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Observability of Motion States in Magnetometer-Free Inertial Motion Tracking of Kinematic Chains

From Fachgebiet Regelungssysteme TU Berlin

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Abstract

Inertial measurement units are commonly used in a growing number of application fields to track or capture motions of kinematic chains, such as human limbs, exoskeletons or robotic manipulators. A major challenge is the presence of magnetic disturbances that results in unreliable magnetometer readings. Recent research revealed that this problem can be overcome by methods that exploit the kinematic constraints of the joints. These methods rely on the assumption that the motion of the kinematic chain is sufficiently rich to assure/yield observability of the relative pose. While it has been demonstrated that the methods converge in a number of specific applications and scenarios, a formal investigation of the crucial requirement has not yet been presented and no specific conditions for observability have so far been given. It therefore remains unclear when and why convergence to the true motion states can be assured. In this project, we perform observability analyses to determine precise conditions under which the relative pose of the body segments is indeed observable. We aim to support these theoretical results by simulation studies and validation in experimental data.

People involved

Description

The objective of this project is to answer the question under which conditions the motion states of a kinematic chain can be uniquely determined from the sensor readings of 6D-IMUs which are attached to the segments of the kinematic chain. To this end a kinematic model, in form of a state-space representation, is used to describe the motion of the kinematic chain. The kinematic model consists of the motion dynamics of the segments, a measurement model for the IMU readings and kinematic constraints which result from the connection of the segments via joints. Subsequently, it can be investigated whether the system, described by the state-space representation, is observable. When the system is observable the internal states (motion states) of the system can be uniquely reconstructed from the inputs (IMU readings) and the outputs (kinematic constraints) of the system. Hence, the observability of the motion states depends on the IMU readings and consequently on the movement of the kinematic chain. For different types of kinematic chains an observability analysis has been performed which led to precise conditions on the movement of the kinematic chain.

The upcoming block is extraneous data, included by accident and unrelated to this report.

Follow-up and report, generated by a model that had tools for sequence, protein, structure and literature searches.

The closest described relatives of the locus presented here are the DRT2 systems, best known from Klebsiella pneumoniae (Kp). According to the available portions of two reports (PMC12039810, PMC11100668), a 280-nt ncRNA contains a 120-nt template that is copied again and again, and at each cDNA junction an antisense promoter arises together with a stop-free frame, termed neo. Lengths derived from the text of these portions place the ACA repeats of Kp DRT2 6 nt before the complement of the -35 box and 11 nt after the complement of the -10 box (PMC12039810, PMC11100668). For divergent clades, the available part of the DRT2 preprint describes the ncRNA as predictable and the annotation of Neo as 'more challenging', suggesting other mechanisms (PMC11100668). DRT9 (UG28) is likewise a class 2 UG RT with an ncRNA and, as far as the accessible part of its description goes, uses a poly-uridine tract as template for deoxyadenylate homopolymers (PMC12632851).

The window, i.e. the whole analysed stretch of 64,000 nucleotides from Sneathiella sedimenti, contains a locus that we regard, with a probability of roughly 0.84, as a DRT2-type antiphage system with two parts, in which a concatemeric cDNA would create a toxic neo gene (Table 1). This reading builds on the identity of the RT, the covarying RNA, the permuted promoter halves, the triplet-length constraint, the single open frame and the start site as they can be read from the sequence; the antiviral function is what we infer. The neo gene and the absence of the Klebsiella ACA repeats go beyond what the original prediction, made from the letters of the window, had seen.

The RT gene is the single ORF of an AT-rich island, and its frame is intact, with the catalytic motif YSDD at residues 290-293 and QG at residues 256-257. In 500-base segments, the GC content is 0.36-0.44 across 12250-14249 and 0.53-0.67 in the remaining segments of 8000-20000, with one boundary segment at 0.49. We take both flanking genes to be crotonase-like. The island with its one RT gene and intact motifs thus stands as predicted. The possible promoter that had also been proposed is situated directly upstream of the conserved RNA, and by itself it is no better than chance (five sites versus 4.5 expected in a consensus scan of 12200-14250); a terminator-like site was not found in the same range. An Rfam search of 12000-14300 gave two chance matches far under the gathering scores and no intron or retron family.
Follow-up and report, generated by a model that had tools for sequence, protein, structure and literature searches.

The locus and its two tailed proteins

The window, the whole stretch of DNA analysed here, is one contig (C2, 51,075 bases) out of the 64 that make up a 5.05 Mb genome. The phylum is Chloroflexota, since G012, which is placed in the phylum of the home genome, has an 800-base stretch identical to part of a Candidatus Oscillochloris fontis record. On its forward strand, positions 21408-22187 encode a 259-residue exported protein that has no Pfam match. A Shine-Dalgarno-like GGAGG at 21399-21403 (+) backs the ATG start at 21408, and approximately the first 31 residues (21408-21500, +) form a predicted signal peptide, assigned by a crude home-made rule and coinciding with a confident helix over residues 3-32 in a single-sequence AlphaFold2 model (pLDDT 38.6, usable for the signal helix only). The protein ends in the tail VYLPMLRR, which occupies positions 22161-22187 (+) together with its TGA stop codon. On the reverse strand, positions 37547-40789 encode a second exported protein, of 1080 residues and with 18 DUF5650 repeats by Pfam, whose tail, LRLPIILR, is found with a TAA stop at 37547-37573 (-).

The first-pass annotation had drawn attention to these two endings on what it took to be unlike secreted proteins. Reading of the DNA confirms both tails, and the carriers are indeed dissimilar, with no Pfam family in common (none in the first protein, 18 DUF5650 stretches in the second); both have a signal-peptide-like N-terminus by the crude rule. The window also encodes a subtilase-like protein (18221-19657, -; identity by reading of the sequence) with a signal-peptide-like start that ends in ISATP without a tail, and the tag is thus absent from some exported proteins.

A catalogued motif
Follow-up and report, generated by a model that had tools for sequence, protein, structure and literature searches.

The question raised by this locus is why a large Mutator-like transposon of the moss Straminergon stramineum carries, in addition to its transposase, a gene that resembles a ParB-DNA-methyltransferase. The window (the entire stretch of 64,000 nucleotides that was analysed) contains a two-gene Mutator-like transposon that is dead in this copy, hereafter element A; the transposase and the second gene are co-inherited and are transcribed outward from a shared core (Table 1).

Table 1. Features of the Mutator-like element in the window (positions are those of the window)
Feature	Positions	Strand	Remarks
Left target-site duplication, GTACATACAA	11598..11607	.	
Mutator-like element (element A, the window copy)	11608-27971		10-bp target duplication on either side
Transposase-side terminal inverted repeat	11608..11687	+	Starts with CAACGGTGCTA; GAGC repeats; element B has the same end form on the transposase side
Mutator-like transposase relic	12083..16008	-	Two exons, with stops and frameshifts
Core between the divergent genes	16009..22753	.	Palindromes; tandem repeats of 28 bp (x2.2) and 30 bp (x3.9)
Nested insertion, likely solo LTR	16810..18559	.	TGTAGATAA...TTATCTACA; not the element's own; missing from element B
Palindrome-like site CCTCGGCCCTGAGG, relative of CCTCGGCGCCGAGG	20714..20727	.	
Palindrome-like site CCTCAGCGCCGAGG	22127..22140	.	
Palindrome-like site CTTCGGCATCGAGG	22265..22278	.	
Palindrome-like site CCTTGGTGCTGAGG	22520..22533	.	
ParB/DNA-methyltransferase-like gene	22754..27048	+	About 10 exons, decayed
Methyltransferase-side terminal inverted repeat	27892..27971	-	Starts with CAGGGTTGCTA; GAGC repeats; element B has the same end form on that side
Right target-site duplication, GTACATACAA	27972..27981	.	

Considered kinematic chains

In the context of this project, four different types of kinematic chains have been considered; Fig. 1 shows the different types. The kinematic chains can be distinguished by the number of segments, the degrees of freedom of the joints connecting the segments and whether the kinematic chain possesses a sparse sensor setup (not every segment of the kinematic chain is equipped with a sensor) or not.

Fig. 1: Types of kinematic chains which have been considered in the context of this project.